Relevant training is the most valuable investment Contact Centers can make. Sadly, many training dollars are wasted on irrelevant topics, the wrong conferences, and public seminars that yield little more than a fun day offsite listening to general topics without the value of specific and actionable information.
Training is like vital nutrition for the front line. If reps ingest only the sugary, salty, and fatty versions of training the likelihood of learning taking place is slim to none. Training must be integrated to what the front line needs to KNOW, DO, and FEEL. It must be organized around frequency, complexity, and criticality of information and have some kind of measureable outcome. Far too many Contact Centers today short change training and then pay for it in all manner of poor performance and low morale.
Training must not be thought of as a new-hire only event. The nature of contacts handled in the Contact Center determines what ongoing learning is required related to systems, processes, new products, or other skills. Managing training and learning is a job in and of itself. Rarely do you get lucky enough to have a manager, coach, trainer, curriculum developer, eLearning expert, information architect, etc., rolled up into one person. Whatever the size of your operation, acquire the right training skills and tools … even if you have to skip some other assets. Keep in mind that in most cases the well-trained need less management.
If your training is skillfully designed, well developed, and properly delivered (via whatever channel) you have every right to expect learners to learn. Hold them to it!
5. Coach me.
If coaching is going to happen … please, please, please make it meaningful. Few things in life are more painful than listening to an inexperienced person attempt to coach. Coaching is NOT identifying everything the rep has done wrong and letting them know as you discover it. This process of coaching is present when training is lacking or has been conducted poorly; coaching now becomes a “search for the guilty” when things go wrong. Telling staff they are wrong when they never learned what was right, is just poor management.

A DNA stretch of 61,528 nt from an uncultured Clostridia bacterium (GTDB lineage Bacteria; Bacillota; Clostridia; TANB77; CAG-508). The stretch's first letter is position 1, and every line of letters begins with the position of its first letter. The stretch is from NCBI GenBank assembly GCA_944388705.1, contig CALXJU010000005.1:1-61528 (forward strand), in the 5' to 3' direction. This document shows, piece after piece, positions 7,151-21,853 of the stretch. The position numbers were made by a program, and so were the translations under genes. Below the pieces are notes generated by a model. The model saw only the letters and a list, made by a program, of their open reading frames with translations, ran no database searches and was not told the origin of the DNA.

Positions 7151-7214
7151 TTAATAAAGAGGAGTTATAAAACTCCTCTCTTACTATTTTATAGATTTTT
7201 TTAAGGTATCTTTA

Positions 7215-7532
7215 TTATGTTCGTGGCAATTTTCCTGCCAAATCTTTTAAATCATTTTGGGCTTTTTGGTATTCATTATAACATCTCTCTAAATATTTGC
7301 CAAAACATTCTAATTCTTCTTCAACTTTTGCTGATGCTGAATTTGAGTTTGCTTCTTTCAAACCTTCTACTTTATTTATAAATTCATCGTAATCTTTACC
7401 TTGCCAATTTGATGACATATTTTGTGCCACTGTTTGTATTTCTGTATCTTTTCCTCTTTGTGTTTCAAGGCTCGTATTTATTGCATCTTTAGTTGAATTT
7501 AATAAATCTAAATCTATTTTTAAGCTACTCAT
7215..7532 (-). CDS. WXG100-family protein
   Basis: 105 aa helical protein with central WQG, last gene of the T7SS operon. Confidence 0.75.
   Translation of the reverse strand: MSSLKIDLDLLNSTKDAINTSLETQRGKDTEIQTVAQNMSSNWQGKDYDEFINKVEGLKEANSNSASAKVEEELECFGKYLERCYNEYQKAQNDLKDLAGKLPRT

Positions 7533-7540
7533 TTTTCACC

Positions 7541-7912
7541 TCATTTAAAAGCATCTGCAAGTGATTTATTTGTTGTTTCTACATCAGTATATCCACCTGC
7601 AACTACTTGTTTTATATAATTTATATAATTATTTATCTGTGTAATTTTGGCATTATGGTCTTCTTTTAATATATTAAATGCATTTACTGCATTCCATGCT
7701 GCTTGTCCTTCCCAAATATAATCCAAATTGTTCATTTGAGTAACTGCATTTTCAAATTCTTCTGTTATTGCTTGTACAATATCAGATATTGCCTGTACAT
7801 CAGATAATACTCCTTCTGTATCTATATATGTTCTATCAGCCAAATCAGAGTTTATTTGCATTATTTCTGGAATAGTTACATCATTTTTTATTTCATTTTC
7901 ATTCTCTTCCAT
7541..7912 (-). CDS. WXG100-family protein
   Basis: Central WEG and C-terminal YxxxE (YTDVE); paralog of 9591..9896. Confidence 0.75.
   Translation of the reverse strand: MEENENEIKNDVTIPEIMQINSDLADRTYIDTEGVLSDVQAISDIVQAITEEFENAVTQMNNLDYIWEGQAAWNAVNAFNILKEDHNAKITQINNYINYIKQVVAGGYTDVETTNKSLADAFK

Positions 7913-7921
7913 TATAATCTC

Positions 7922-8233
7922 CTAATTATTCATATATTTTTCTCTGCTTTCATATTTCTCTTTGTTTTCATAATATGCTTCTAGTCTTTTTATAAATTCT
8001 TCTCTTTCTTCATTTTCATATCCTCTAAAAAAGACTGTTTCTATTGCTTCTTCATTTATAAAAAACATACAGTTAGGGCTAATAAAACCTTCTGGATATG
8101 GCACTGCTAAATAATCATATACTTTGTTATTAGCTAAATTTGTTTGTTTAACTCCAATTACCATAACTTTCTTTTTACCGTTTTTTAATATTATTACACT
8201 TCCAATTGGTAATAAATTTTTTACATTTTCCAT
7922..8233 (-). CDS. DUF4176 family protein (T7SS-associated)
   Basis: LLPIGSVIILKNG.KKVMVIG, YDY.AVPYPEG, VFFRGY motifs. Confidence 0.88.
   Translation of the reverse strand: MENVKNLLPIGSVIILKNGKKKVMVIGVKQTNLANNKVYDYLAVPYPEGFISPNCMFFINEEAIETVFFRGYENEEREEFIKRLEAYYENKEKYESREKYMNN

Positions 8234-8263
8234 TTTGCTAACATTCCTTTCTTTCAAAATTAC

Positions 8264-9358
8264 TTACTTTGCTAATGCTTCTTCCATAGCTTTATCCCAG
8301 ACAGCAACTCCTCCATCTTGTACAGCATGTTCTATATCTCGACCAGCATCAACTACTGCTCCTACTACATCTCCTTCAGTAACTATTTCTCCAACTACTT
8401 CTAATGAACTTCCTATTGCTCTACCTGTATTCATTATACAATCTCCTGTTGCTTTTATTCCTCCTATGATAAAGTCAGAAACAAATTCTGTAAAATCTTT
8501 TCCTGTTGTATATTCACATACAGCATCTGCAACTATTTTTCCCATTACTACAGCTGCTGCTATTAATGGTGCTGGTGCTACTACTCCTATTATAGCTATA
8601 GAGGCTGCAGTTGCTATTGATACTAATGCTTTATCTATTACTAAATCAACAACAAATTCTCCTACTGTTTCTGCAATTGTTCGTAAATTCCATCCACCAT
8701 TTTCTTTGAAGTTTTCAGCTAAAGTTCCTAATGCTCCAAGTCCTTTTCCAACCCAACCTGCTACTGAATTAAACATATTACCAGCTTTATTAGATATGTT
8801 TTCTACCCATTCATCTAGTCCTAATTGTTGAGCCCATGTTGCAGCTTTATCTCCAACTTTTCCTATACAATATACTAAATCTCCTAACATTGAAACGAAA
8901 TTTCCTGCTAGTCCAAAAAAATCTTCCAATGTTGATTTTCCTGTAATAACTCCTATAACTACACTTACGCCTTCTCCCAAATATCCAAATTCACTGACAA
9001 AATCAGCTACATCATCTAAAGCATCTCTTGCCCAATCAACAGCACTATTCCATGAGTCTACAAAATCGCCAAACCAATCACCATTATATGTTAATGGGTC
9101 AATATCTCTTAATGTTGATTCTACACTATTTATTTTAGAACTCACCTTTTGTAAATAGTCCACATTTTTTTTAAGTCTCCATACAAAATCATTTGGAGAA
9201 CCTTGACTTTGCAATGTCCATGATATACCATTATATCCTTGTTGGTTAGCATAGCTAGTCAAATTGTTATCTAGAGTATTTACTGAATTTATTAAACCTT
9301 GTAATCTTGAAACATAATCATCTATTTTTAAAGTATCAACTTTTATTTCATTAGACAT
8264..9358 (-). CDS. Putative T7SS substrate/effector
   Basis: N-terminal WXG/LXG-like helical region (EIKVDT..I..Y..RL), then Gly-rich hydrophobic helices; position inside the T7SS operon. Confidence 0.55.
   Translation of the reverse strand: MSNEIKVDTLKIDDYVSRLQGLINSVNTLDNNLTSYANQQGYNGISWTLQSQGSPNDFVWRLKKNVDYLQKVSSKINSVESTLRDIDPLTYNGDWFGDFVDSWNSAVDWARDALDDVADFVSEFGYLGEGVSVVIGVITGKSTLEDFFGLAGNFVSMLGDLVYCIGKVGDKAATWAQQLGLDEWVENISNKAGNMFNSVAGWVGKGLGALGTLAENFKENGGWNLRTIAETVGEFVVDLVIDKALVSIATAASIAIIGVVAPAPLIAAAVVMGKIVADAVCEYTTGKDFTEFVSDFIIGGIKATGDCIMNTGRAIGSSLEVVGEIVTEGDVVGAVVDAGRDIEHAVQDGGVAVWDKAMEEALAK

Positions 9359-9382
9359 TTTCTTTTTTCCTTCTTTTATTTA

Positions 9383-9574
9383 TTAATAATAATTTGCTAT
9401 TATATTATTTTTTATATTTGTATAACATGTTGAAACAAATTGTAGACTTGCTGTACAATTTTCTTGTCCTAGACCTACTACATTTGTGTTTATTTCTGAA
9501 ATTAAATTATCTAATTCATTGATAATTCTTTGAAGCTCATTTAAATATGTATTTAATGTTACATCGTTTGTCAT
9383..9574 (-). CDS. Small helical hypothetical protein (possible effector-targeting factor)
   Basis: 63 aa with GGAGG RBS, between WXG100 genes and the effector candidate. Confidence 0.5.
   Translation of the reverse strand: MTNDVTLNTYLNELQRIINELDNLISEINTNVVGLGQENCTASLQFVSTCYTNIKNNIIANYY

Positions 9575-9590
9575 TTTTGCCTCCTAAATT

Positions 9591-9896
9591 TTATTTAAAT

To provide effective coaching, it is critical to frame up requirements, assess the successes and shortfalls of current coaching practices, and provide actionable feedback contextualized within the organization’s strategic goals and objectives. As well, coaches must be proficient in the art of compelling communication; otherwise the investment is lost.
6.Make metrics matter.
Contact Centers are blessed and cursed when it comes to metrics; while many exist, only a few really matter. Far too many Contact Centers browbeat the front line with incidental data being reported, expectations being framed, and alarms going off to no good end.
Metrics about the front line come into play only AFTER the Contact Center’s metrics as a whole have been evaluated. For many years I have said, “Agents control the call; management controls the queue.” Yet, I constantly encounter managers that try to measure a rep’s service level. That is NOT possible! Service level is a Center-wide measure, a measurement of the effectiveness of the planning process rather than of the front line. There is not enough space here to expound on that premise. Suffice it to say that if you are a manager that focuses on calls per rep, on handle time targets, or on any isolated metric, you are not likely doing well at your job.
Focusing on the metric performance of frontline reps is simply a dangerous game with no winners. In fact, it is a game that will drive both reps and customers out of your Contact Center. Focus on getting the right number of people, in the right place, at the right time, doing the right things. You will find that the offending members of the front line will not be difficult to identify.
7. Please give me a decent chair.
When people are hired for a job that requires being seated all day, wouldn’t it be nice if a genuine investment were made in all ergonomic areas? Yes! And of particular importance are the chairs in the Contact Center. I have seen many operations using chairs that look like they have been circulated throughout the building for years. They often are old, nonadjustable, abused, uncomfortable, and sometimes broken. Be honest … if your chairs are awful, order some new ones. You won’t believe the morale boost you will enjoy by making an investment in your reps’ behind!
Take some time and think these about these requests. Have you asked your reps what they want? Can you guess what they would say?